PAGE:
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Stumbling Block I: Literal Interpretations of the Bible

Today’s readings:  Genesis 5:1 – 7:24, Psalms 3:1-8, Proverbs 1:10-19, and Matthew 3:7-4:11

I read the story of Noah today.  You can find it beginning in Genesis 6; I can’t tell you where it ends, precisely, my Bible reading plan for today cuts off with them sailing the floodwaters at the end of chapter 7, but I think you probably know how it goes, whether you’re in church every Sunday or you laugh at the rest of us for believing what we believe.

Here’s the crux of my situation, or at least the part that I want to visit today:  I don’t know if I believe everything that is written in the Bible in terms of how it is literally presented and how it happened.

I don’t think the Creation period was literally a six day setup, with God kicking back on some daisies on the seventh.  I don’t see how Noah could round up all those animals – lions and tigers and bears – and put them on a boat while God closed all the windows and doors and turned on the faucet for 40 days.  I don’t see how Methusaleh lived 969 years.  I don’t think Jonah was swallowed whole by a whale and carried around in the world’s worst taxi for three days before being deposited on a beach to contritely tell his story.

When I read the Old Testament, and I’ve come across three stories already in the first seven chapters of Genesis that are at least referenced above, I feel like I need some 3D glasses and popcorn.  I feel the same about a large part of the New Testament, as well.  I don’t know how people read such passages and think to themselves, without fail, that such things happened to the dotted line of the words that appear.  I have my theories – the primary one being that a large part of the Bible was written as an allegory more geared toward telling stories in a way that most of us can better understand the book than reporting things in 21st century English from 6,000 B.C.  – and there is a broad camp of people who would tell you that I’m not a person of faith for believing the way I do, but those are my general beliefs at this time.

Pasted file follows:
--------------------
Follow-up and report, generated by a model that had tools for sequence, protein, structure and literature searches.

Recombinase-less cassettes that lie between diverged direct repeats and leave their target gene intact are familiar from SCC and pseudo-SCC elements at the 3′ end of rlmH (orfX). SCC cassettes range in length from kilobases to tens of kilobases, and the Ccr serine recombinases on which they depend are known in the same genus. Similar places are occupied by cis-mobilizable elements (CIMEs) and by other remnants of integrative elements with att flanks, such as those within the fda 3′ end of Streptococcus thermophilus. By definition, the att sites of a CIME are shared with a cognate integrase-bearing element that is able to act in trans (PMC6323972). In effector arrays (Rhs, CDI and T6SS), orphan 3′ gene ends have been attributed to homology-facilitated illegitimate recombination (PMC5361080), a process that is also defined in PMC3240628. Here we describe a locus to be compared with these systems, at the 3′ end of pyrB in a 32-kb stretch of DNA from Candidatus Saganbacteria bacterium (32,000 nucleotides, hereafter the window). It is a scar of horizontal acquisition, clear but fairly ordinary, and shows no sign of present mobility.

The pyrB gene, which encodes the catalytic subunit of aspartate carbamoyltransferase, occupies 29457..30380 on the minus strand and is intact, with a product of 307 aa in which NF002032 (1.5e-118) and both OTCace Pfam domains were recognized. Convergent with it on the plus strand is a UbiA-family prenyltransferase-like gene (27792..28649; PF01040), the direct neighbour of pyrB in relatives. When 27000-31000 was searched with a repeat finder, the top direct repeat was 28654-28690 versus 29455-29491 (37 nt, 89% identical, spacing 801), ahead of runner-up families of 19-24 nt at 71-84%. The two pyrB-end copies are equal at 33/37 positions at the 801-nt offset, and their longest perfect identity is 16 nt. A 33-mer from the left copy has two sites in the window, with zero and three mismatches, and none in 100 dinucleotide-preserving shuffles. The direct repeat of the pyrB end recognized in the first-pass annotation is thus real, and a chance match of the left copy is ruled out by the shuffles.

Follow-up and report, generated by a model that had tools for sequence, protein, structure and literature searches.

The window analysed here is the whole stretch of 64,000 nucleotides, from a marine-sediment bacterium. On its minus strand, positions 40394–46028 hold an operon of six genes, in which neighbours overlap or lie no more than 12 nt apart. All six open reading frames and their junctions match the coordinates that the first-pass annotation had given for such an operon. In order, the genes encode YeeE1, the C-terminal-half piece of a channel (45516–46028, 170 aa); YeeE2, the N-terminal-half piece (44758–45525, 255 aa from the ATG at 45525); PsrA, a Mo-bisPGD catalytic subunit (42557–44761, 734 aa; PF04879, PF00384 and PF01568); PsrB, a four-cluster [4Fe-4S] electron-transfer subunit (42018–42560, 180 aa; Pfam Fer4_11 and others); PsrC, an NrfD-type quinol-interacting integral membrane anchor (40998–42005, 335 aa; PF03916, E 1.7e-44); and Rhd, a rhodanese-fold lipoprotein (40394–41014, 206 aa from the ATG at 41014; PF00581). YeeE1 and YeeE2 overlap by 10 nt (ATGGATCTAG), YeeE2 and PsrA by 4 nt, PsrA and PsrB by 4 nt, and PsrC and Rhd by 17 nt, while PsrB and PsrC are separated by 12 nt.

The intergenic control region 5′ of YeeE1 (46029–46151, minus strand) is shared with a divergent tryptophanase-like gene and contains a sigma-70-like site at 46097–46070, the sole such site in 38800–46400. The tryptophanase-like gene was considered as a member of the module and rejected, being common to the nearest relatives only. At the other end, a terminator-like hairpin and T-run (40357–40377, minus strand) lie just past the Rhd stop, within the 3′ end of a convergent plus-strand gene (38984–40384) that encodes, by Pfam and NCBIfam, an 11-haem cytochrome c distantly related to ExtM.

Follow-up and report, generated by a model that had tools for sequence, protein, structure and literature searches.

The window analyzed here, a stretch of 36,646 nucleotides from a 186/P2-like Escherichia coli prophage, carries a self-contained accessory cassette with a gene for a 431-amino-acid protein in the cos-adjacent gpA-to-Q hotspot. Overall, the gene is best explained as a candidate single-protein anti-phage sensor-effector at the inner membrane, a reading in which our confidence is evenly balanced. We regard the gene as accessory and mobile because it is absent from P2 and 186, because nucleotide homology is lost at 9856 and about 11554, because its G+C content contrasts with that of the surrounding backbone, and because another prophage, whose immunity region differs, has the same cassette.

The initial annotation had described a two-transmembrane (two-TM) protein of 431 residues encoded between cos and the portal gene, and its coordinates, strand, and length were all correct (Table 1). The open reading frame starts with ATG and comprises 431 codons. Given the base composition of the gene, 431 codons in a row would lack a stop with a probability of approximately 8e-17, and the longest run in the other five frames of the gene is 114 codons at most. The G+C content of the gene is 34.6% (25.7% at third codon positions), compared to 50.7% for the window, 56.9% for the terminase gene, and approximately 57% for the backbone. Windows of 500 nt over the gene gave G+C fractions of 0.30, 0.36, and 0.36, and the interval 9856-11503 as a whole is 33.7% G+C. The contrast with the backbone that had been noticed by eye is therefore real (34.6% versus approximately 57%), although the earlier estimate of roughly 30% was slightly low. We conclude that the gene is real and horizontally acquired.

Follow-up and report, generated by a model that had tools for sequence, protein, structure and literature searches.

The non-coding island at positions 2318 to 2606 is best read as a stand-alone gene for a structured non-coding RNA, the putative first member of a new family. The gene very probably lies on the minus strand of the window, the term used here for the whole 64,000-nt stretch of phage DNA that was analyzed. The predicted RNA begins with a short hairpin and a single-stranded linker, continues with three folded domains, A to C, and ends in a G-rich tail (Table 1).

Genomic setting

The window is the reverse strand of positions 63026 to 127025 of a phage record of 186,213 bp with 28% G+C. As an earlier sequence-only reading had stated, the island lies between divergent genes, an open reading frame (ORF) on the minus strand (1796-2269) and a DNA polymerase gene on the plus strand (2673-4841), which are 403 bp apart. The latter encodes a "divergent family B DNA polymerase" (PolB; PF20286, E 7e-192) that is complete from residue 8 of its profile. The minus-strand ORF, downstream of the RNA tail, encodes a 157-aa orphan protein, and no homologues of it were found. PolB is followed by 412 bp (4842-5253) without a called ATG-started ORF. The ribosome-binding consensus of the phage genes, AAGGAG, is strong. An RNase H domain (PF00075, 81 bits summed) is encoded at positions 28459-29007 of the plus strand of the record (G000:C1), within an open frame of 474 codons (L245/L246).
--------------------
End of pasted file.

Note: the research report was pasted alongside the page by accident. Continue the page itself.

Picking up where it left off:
The question I have for self-professing Christians, and I understand if this is a deeply personal one and something you may rather not discuss in public forum, is this:  Do you believe in an absolutely literal version of the Bible, or do you believe that it’s an inspired book of God?  (…and the follow-up, and perhaps more difficult question in this piece, is this.  If it’s “both,” where does one draw the line between That was a God-inspired story and That really happened?  In my weaker moments of faith, there are times when I’m not sure we can.)

Tomorrow’s readings:  Genesis 8:1 – 10:32, Matthew 4:12-25, Psalms 4:1-8, and Proverbs 1:20-23

Today’s link: http://www.youtube.com/watch?v=gyq48bTLQ5s&feature=related


One Response to “Stumbling Block I: Literal Interpretations of the Bible”

  1. As I think you already know, I’m more of a literalist. Some of the stories were meant to be parables but a lot fewer than most people now believe.

    It always sounds like a cop-out to many, I’m sure, but I have no problem believing that the wild and crazy stories CAN be true because I believe God CAN do anything. And I LIKE believing that the truly impossible (to us) is still possible for Him.

    I’m a Jonah-in-the-whale kind of guy.

    And a six-day creation? For God, that’s not only doable, but it makes Him even more worthy of our awe. Millions of years of evolution to get us here? Still pretty incredible, although not nearly as amazing to me. So if I have to choose between the two (and a point that most people miss is that I really don’t have to), I’ll go with the most amazing version because it requires me to recognize God’s power.

    One thing that you alluded to that’s always bothered me is when people say, “I believe in some of the miracles but not all of them.” How exactly do you decide which ones to go with? Mostly, I think, people go with the ones that they are most comfortable with them which doesn’t really seem like the point.

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